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The [Murky] Voyage of Edgar Allan Poe

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Peter Tantsits as Edgar Allan Poe, conductor Gil Rose, Neal Ferreira as Doctor (Kathy Wittman photo)

Throughout the nearly three-hour duration of The Voyage of Edgar Allan Poe, I could not help but miss Poe himself. Instead we witnessed the imagined Poe of Dominick Argento’s 1976 opera, performed at the Huntington Theater this Friday by Opera Odyssey and the Boston Modern Orchestra Project. I missed the real Bostonian who lived from 1809 to 1849. Despite the length and scope of the opera about Poe’s final night on earth, the author’s words rarely spoke or sang to us. 

But so much of Poe’s writing is deeply operatic. One of Poe’s most well-known short stories, Fall of the House of Usher, opens with a famous, chant-like sentence dying to be sung: “During the whole of a dull, dark, and soundless day in the autumn of the year, when the clouds hung oppressively low in the heavens, I had been passing alone…within view of the melancholy House of Usher.” These lines are evocative, with consonance, rhythm, and musicality. By contrast, Charles Nolte’s text begins with the namesake poet opining, “I am distraught. I sink in darkness. Help me! Help me.” 

The opera offers a surreal, fictionalized account of the end of Poe’s life. The nightmarish scenes include his marriage to a 13-year-old girl, the death of his mother, a funhouse selection of a new muse, a human-size faceless doll, a trial for madness, and a departure for a boat that will never arrive, among other vignettes. Some words and snippets of Poe’s own words show up, but they do not formulate arias and whole scenes, which remain largely static.

The production, directed by Anne Harley, was semi-staged, with the singers in costume in front of the orchestra (arrayed against the back wall), used wooden crates as boats, coffins, and tables. Lighting changes and shifting arrangements of these boxes, a curtain, and a bed conveyed the scene changes.

The tedium of the enterprise seemed to be no fault of the excellent principal soloists, 46-member orchestra, and 32-person chorus. Everyone approached the music with precision, talent, and dedication. Conductor Gil Rose kept the ensemble steady and provided remarkable dynamic contrasts and perfect balance with the singers.

Sometimes, Argento’s abstract, lilting lines lost focus, but the soloists rose to the more engaging moments, projecting excellent tone when the score provided the opportunity. Peter Tantsits, as Edgar Allan Poe, sang with a remarkably tortured tone that fit the character well, and he almost never left the stage; his performance was a feat of musicality and duration. Maggie Finnegan (as Virgina Poe) and Tom Meglioranza (as Griswold) sang with vigor and passion, making the most of their characterizations. As Poe’s dying mother, the perfectly comedic Kirsten Chambers had a deliciously memorable night.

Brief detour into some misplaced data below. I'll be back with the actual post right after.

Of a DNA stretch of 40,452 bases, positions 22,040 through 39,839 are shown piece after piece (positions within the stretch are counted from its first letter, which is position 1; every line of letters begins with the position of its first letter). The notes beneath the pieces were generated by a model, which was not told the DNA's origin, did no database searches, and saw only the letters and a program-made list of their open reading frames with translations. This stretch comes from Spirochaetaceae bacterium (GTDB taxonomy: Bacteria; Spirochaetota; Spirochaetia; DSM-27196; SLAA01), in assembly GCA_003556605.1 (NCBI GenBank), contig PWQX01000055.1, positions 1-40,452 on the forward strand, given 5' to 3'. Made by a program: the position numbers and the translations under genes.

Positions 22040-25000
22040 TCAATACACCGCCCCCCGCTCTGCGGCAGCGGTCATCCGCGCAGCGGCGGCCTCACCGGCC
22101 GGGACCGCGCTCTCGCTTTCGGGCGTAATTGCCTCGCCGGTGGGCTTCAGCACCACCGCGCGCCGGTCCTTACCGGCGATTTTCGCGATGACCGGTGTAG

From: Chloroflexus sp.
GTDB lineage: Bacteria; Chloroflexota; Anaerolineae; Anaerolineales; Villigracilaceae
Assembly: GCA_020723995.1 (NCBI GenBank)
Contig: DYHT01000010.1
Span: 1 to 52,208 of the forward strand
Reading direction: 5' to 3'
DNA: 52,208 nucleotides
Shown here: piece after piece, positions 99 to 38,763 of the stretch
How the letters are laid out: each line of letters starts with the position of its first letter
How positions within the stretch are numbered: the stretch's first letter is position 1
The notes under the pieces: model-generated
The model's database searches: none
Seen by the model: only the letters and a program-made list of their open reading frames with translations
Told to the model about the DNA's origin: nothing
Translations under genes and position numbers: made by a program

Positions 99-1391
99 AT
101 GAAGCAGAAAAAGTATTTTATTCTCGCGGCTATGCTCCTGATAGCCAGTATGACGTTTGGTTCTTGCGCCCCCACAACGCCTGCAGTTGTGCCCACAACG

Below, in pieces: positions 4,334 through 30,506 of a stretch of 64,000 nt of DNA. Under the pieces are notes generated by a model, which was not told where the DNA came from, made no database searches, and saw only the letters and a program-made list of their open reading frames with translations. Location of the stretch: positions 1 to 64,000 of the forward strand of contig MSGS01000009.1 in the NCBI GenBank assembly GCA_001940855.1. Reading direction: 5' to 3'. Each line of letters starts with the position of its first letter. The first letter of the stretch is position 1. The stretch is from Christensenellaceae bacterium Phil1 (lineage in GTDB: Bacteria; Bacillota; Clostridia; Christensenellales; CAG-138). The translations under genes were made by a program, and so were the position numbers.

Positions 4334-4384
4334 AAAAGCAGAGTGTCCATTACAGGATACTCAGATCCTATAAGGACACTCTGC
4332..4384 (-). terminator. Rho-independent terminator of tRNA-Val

Argento engaged us with rustled wood chimes, tolling bells, and plucked strings. Canon-like brass stood out energetically throughout with striking results. But overall, one was rewarded more with colorations than a compositional voice that demanded any work from listeners. This was dodecaphony of accessibility, one might say.

The choir (prepared by Andy Clark) excelled, from beautiful soft a cappella sections to jackal-like villainous laughter. When they reached a true forte, another quote from Poe (also not in the libretto) comes to mind: “my brain reeled as I saw the mighty walls rushing asunder—there was a long tumultuous shouting sound like the voice of a thousand waters,” as the ensemble’s power rattled the room.  

The most poignant moment occurred in Act II, scene VII, when Finnegan sang a touching snippet of Poe’s poem “Annabel Lee,” accompanied only by a lone, droning bell. She delivered Poe’s wonderfully tone-pained lyrics, “It was many and many a year ago, / In a kingdom by the sea, / That a maiden there lived whom you may know / By the name of Annabel Lee; / And this maiden she lived with no other thought / Than to love and be loved by me” with crystalline precision and emotional depth. In the same scene, Tantsits and Meglioranza joined Finnegan. A ravishing trio ensued with a wellspring of emotion and fascinating dynamic contrast; the vocal soloists finally had music that let them showcase their stellar chords. In these two moments, Poe’s text met Argento’s music at its most distilled, and that combination allowed for the greatest impact. 

So far, I have bypassed the evening’s main issue: almost no one in the audience understood what was being said. The production chose not to use any supertitles. Instead, they made copies of the 40-page libretto available in the lobby but did not pass them out to patrons—I had to go back to the lobby to grab my own. Then, during the performance, the house lights were fully turned off, making reading the libretto impossible unless you had one of the few flashlights available in bins, also in the lobby. That this directive was permitted, however, was not told to the audience, leading a man in my row to tell an older woman looking at the libretto with a flashlight to exclaim, “Hey! Flashlight Lady! Knock it Off!” Some others used their phones for illumination, also receiving texts and calls. Many decided this system was not manageable and either stopped trying to follow along or gave up and left at intermission. 

The ensemble (Kathy Wittman photo)

Despite some odd creative choices, like blocking that could not be seen from the balcony, a step-touch dance number, and ill-fitting wigs, the performers committed to the Argento’s materials. I could not help but wonder, though, what The Voyage could have been if the composer had trusted the original poet more. Words from the artifice of Nolte, such as “My love! My Life! Dead! Twice dead. And it is I who have killed her. Myself alone.” lacked the operatic inevitability that Poe himself could have provided. In The Pit and The Pendulum, Poe wrote, “And then there stole into my fancy, like a rich musical note, the thought of what sweet rest there must be in the grave.” Such lyrical, imaginative writing might have sharpened Argento’s voice.